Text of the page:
American Trucker’s round-up of this and that this week features bite-size news of robo-trucks and other commercial vehicles of the new future; what can happen when a big-rig doesn’t leave enough room for the cop on the shoulder; and several examples of academics and policy makers starting to take freight movement seriously.
This week’s ‘grain of salt’ report comes from Quartz, whose hyperbole relies on the “some” who fear that self-driving trucks could “overrun” U.S. highways. And the robo-“leviathans” could be coming sooner than later: “The first step [in rebuilding a stagnant economy] was a crash program to automate long-haul trucking,” writes a researcher, whose project imagines looking “back” from the year 2030 at the changes needed for modern transportation efficiency, including the shift to autonomous vehicles.
Speaking of the future that is now: Amazon is filing patents for a mobile 3D printing truck, according to The Wall Street Journal. And maybe it’ll be built on the new all-electric F59 chassis model juiced by Motiv Power Systems technology, dubbed “Frankenstein Trucks” by CleanTechnica.
This week’s educational video meant to reinforce move-over practices comes from Ohio, courtesy the New York Daily News. (Blaming the four-wheeler that boxed in the truck driver probably won’t hold much weight in court.)
And that driver and his company certainly need to have a look at this A National Law Review analysis which explains why the venue or court location for trials can be a critical factor for truckers facing lawsuits.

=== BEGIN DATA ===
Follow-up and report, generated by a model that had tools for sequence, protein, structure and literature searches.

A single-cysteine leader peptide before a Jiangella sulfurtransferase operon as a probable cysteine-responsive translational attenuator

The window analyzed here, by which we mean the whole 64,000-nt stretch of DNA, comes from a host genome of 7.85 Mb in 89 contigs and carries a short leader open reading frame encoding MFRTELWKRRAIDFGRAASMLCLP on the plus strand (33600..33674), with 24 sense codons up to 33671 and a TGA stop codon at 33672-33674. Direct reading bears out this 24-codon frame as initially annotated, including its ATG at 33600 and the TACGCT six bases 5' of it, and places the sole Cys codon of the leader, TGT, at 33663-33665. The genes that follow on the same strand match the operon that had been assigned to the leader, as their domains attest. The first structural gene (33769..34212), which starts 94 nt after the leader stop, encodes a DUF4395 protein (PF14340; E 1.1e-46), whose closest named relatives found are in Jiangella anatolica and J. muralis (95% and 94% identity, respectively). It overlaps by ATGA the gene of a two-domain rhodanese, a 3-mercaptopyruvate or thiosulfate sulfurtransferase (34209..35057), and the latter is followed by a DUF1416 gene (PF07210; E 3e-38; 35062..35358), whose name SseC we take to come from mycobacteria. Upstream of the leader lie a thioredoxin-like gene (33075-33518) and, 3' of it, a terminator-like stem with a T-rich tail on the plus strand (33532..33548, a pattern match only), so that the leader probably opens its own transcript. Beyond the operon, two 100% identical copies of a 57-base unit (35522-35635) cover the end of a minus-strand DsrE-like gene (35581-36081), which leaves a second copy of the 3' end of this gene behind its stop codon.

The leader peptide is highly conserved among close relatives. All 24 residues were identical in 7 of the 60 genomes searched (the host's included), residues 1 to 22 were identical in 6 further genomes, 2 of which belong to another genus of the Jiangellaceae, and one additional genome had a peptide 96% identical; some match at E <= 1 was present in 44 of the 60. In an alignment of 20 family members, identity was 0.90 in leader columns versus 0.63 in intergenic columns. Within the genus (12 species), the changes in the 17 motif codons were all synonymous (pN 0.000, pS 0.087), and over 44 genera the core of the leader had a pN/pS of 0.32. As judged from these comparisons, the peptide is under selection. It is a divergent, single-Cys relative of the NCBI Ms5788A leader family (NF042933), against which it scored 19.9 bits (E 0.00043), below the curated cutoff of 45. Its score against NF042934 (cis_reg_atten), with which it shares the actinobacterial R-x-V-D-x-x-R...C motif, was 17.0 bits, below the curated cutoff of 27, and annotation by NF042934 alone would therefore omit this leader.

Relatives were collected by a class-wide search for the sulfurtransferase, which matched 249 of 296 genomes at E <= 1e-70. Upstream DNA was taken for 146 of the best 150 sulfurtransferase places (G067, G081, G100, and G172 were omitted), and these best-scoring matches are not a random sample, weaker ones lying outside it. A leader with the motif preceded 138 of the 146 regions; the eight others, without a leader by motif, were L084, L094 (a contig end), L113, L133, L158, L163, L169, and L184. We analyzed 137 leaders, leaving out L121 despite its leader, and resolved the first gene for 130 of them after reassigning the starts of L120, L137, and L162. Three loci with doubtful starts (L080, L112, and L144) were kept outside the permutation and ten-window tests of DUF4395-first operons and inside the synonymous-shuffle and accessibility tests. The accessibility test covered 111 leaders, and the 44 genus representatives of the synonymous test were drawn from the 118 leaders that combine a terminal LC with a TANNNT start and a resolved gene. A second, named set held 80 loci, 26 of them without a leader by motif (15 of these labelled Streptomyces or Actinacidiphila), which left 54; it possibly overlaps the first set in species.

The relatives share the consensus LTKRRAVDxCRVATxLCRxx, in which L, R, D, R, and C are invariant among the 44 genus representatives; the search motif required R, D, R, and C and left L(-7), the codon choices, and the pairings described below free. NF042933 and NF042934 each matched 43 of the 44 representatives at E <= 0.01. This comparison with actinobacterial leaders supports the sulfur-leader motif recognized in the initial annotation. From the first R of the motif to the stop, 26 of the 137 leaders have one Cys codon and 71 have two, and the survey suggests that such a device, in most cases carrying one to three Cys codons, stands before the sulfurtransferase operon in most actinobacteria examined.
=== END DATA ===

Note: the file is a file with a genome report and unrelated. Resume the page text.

Another whisper in the wind: A “think tank” thinks it’s time to take efficient freight movement seriously. “That’s why we’re proposing (PDF) a new national freight investment program: one that invests where it matters most and maximizes benefits for the entire country,” the Brookings Institute says. “As these [funding] debates continue in Washington, though, we will continue to face clogged roads, ports, and other critical infrastructure. Our proposal offers a path forward, one where objective criteria guides our shared investments and provides new opportunities to grow our economy.”
The National Journal followed up with a freight analysis of its own, saying “Our ability to function as a nation is inextricably tied to the ability to smoothly move goods through our borders and throughout the states.”
And this explanation of the obvious is just another reason a CDL might be more practical than an MBA: The proximity of warehouses and other logistics facilities to major freight corridors is becoming an even-more critical part of supply chain strategies today, reports Area Development. Wow, really?